Whilst information on British Army Bands is readily available; due to Brexit, there’s been such a dominance of headline news, one gets the feeling (as it’s certainly not been widely trumpeted) that the major overhaul/re-grouping of British Army Bands in 2019 could have slipped under the radar – I thought it might be useful to let BBICO News followers know some facts.
A Reshape of British Army Bands in 2019
After this year’s summer break, the long planned reshaping of Army music took place; the ethos being that groups of bands would come together at locations already possessing a strong Army presence. The re-org now has Bands in the following locations together with sizes and capabilities, as follows:-
Household Cavalry Band based in Windsor. Type (strength) 64 with a Multi Capability (MCB) remit ie Mounted Band and Trumpeters: Symphonic Wind Band: with a further eclectic mix of ensembles within.
Foot Guards Bands (x 5) based in Central London. Type 54, MCB (not mounted obviously!)
Countess of Wessex String Orchestra based in Woolwich. Type 24.
The Band and Bugles of the Brigade of Gurkhas based in Shorncliffe, Type 54, MCB.
British Army Bands Sandhurst Type 54, MCB, incorporating the Bands of The Royal Corps of Signals and The Royal Logistical Corps.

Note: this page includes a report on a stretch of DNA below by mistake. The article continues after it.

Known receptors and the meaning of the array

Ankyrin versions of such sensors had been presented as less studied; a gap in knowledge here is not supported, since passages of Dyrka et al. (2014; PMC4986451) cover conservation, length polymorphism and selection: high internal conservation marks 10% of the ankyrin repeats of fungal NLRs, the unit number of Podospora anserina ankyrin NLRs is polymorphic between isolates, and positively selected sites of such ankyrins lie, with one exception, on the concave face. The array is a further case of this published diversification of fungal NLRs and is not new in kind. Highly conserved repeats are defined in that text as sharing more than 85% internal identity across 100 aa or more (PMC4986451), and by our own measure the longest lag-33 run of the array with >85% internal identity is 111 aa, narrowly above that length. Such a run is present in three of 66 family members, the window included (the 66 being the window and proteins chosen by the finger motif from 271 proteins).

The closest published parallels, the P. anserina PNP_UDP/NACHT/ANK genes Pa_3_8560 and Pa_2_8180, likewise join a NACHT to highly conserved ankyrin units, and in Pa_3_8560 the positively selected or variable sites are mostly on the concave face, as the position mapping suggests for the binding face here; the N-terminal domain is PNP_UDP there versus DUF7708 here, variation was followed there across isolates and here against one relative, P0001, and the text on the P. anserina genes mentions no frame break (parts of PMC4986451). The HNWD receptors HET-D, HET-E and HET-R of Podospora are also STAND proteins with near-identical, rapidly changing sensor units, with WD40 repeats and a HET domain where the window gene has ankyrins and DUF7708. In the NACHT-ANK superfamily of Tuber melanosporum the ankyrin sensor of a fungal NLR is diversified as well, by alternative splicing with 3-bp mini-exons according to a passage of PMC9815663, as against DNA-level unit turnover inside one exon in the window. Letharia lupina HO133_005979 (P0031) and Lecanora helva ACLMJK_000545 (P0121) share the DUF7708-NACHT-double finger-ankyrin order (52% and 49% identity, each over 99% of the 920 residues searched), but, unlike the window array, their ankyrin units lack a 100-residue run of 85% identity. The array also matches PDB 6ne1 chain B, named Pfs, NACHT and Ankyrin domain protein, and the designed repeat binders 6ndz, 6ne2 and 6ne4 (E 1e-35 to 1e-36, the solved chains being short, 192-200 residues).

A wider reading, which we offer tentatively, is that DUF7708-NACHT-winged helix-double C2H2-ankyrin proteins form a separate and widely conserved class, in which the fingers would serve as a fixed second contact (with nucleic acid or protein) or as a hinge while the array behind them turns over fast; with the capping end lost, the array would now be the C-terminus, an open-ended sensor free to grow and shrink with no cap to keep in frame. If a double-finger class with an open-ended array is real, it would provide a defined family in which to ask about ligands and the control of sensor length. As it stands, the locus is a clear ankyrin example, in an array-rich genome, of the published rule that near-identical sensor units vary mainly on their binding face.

British Army Bands Colchester Type 54, MCB,incorporating the Bands of The Parachute Regiment, The Queen’s Division and The Army Air Corps.
British Army Bands Catterick Type 53, Brass Band (BB), incorporating The Bands of the Royal Armoured Corps, The King’s Division and The Corps of Royal Electrical and Mechanical Engineers.
British Army Bands Tidworth Type 53, BB, incorporating the Bands of The Royal Artillery, The Corps of Royal Engineers and The Adjutant General’s Corps.
The Band of the Royal Regiment of Scotland based in Edinburgh. Type 48, MCB.
The Band and Bugles of the Rifles based in Worthy Down. Type 48, MCB
Band of the Prince of Wales based at St Athan. Type 20, BB
Musical Training Arrangements
Those then, are the Bands Nationwide, but what of the training for incoming musicians to the Corps of Army Music?
With the closing of The Royal Military School of Music at Kneller Hall in 2020 (as mentioned in our last post), musical training is planned to be split between Portsmouth, for the initial phase (co-located with HM Royal Marines) and one other location, probably utilising the facilities of the British Army Bands at Sandhurst, for advanced musical training and promotion related qualifications.
There’s bound to be a final farewell concert at Kneller Hall, sometime early summer 2020 I would think, so that really is something to lookout for.
Bands for Remembrance
There’s much happy band spotting to be had, at this time of National Remembrance, where Poppy appeals are widely supported by all three Services of the Armed Forces, especially that great gathering for the Royal British Legion Festival of Remembrance in the Royal Albert Hall on the 9th November 2019, followed on Sunday the 10th by the solemn service at the Centotaph, where one can enjoy listening to Military Musicians from all three services performing at their very best – instilling dignity and pride into the Nation’s Act of Remembrance of the fallen, from both World Wars and more recent conflicts. We will remember them.